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Welcome back to my final Spooky Saturday of 2013!  If you missed the other posts, don’t worry: you can find them here.

Most people I talk to haven’t heard of this novel; even the big Bradbury fans out there (like my husband) aren’t aware that Bradbury wrote a creepy, fantastical tale for kids centered around the history and mystery of Halloween.

The Halloween Tree is a deceptively short book; it’s a fast read, but the story is layered and sticks with you in interesting ways. (Much like Bradbury’s other works).

Why do I love this book?

First, the characters.  The book centers on a pack of boys, out for a scare on Halloween night.  Tom is their quiet leader, and he’s pitted against Moundshroud, a creepy death-incarnate figure who lives in the haunted house outside of town.  But Moundshroud isn’t entirely a bad guy; he’s complex, and he takes the boys through history to explain Halloween to them (and to teach them how to save their friend, Pipkin). I love and hate this character in equal parts, but he’s utterly compelling and, I think, my favorite figure in this book.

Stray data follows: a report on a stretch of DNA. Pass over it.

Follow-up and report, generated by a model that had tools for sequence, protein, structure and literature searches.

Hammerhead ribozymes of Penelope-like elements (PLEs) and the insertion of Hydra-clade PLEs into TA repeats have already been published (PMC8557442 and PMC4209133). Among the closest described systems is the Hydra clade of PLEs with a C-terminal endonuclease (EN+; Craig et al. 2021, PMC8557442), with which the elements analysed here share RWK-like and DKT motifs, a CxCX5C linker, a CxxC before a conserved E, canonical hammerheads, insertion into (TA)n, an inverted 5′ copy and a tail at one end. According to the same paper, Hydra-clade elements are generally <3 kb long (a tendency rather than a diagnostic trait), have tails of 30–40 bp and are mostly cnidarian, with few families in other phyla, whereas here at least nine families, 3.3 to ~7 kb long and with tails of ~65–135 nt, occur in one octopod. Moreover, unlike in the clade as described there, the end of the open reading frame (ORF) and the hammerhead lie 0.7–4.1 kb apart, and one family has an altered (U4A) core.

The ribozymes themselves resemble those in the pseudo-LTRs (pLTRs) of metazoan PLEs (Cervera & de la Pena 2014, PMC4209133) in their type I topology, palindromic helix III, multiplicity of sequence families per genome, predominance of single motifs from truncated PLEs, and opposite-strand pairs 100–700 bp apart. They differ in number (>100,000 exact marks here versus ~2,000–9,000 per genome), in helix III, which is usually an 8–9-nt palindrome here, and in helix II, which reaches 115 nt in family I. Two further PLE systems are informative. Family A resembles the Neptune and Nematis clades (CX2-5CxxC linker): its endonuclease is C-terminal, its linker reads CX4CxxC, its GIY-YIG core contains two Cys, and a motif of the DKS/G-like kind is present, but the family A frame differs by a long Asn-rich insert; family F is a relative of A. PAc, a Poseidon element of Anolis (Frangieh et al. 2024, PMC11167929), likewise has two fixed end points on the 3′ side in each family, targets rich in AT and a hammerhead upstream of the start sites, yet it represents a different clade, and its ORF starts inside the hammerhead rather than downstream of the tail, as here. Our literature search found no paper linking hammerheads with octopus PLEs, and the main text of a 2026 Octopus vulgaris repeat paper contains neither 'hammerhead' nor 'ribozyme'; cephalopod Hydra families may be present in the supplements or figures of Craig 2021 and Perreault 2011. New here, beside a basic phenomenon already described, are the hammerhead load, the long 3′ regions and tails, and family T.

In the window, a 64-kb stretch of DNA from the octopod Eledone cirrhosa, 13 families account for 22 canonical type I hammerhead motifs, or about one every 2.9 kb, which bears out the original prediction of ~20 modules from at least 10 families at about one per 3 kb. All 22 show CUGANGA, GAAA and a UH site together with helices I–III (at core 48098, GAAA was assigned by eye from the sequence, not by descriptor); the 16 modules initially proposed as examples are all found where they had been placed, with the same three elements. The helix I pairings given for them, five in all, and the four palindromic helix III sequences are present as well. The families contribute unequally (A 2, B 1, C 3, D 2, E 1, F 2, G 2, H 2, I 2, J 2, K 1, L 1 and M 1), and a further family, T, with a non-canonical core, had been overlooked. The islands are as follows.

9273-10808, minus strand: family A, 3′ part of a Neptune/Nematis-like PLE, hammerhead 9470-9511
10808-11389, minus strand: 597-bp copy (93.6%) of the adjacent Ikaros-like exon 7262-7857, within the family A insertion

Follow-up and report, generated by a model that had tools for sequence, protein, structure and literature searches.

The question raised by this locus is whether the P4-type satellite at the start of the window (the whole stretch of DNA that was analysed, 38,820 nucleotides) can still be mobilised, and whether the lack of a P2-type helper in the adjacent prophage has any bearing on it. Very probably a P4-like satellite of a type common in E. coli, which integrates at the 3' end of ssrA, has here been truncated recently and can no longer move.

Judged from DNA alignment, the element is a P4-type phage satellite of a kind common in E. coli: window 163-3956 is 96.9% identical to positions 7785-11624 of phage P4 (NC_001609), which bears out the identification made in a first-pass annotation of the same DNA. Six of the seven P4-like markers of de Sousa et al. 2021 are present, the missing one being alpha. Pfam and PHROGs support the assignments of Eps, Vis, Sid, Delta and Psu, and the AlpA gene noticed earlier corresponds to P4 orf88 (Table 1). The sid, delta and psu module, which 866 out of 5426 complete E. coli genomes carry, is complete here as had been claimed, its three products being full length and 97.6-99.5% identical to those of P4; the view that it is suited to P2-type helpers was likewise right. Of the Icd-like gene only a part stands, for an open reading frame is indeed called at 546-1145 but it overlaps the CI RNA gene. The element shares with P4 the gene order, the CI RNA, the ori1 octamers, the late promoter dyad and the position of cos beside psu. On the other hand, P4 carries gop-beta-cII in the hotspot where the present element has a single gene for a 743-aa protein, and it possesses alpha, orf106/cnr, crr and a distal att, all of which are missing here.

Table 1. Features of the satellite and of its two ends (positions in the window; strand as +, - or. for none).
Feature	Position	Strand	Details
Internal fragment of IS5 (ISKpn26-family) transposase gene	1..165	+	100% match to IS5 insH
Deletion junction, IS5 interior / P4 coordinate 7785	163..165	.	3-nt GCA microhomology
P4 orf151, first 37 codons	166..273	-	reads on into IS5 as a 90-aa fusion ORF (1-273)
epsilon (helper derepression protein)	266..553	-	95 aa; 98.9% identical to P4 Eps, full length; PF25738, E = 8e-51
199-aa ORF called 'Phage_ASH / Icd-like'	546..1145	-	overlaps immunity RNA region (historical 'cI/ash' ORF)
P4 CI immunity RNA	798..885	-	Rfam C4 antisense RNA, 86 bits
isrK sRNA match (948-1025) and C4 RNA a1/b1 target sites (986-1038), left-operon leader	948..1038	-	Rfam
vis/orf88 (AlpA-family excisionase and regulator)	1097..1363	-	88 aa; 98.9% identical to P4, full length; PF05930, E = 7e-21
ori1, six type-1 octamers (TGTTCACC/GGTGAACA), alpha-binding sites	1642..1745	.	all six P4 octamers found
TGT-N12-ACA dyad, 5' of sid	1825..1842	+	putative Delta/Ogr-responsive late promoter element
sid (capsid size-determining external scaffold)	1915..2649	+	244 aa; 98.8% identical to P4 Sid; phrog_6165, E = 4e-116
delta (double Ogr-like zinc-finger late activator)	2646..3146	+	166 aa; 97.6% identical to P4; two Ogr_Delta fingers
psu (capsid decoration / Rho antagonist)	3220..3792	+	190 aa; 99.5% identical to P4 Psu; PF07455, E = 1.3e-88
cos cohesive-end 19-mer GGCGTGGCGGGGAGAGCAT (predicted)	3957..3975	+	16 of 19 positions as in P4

Then there’s the story.  I’m a total history dork and I love Halloween; what could be better than a time travel romp through ancient Egypt, Celtic Europe, and a creepy Mexican crypt?  Based on the boys’ costumes, Moundshroud takes them through history, exploring the significance behind the mummies, witches, and skeletons that come out to play each Halloween.

And finally, there’s the writing itself.  Bradbury’s prose is poetry.  I could get lost in his words and phrasing forever.  I mean, seriously:

“And the town was full of…
And it was the afternoon of Halloween.
And all the houses shut against a cool wind.
And the town full of cold sunlight.
But suddenly, the day was gone.
Night came out from under each tree and spread.” (page 3)

And this:

“But all the people who met them at doors looked like candy factory duplicates of their own mothers and fathers. It was like never leaving home…what they wanted was to hear dragons belch in basements and banged castle doors.” (page 15)

This book is beautiful.

If you haven’t discovered Bradbury’s THE HALLOWEEN TREE, you still have time to read this scrumptious story before the spooky day.  Let me know what you think!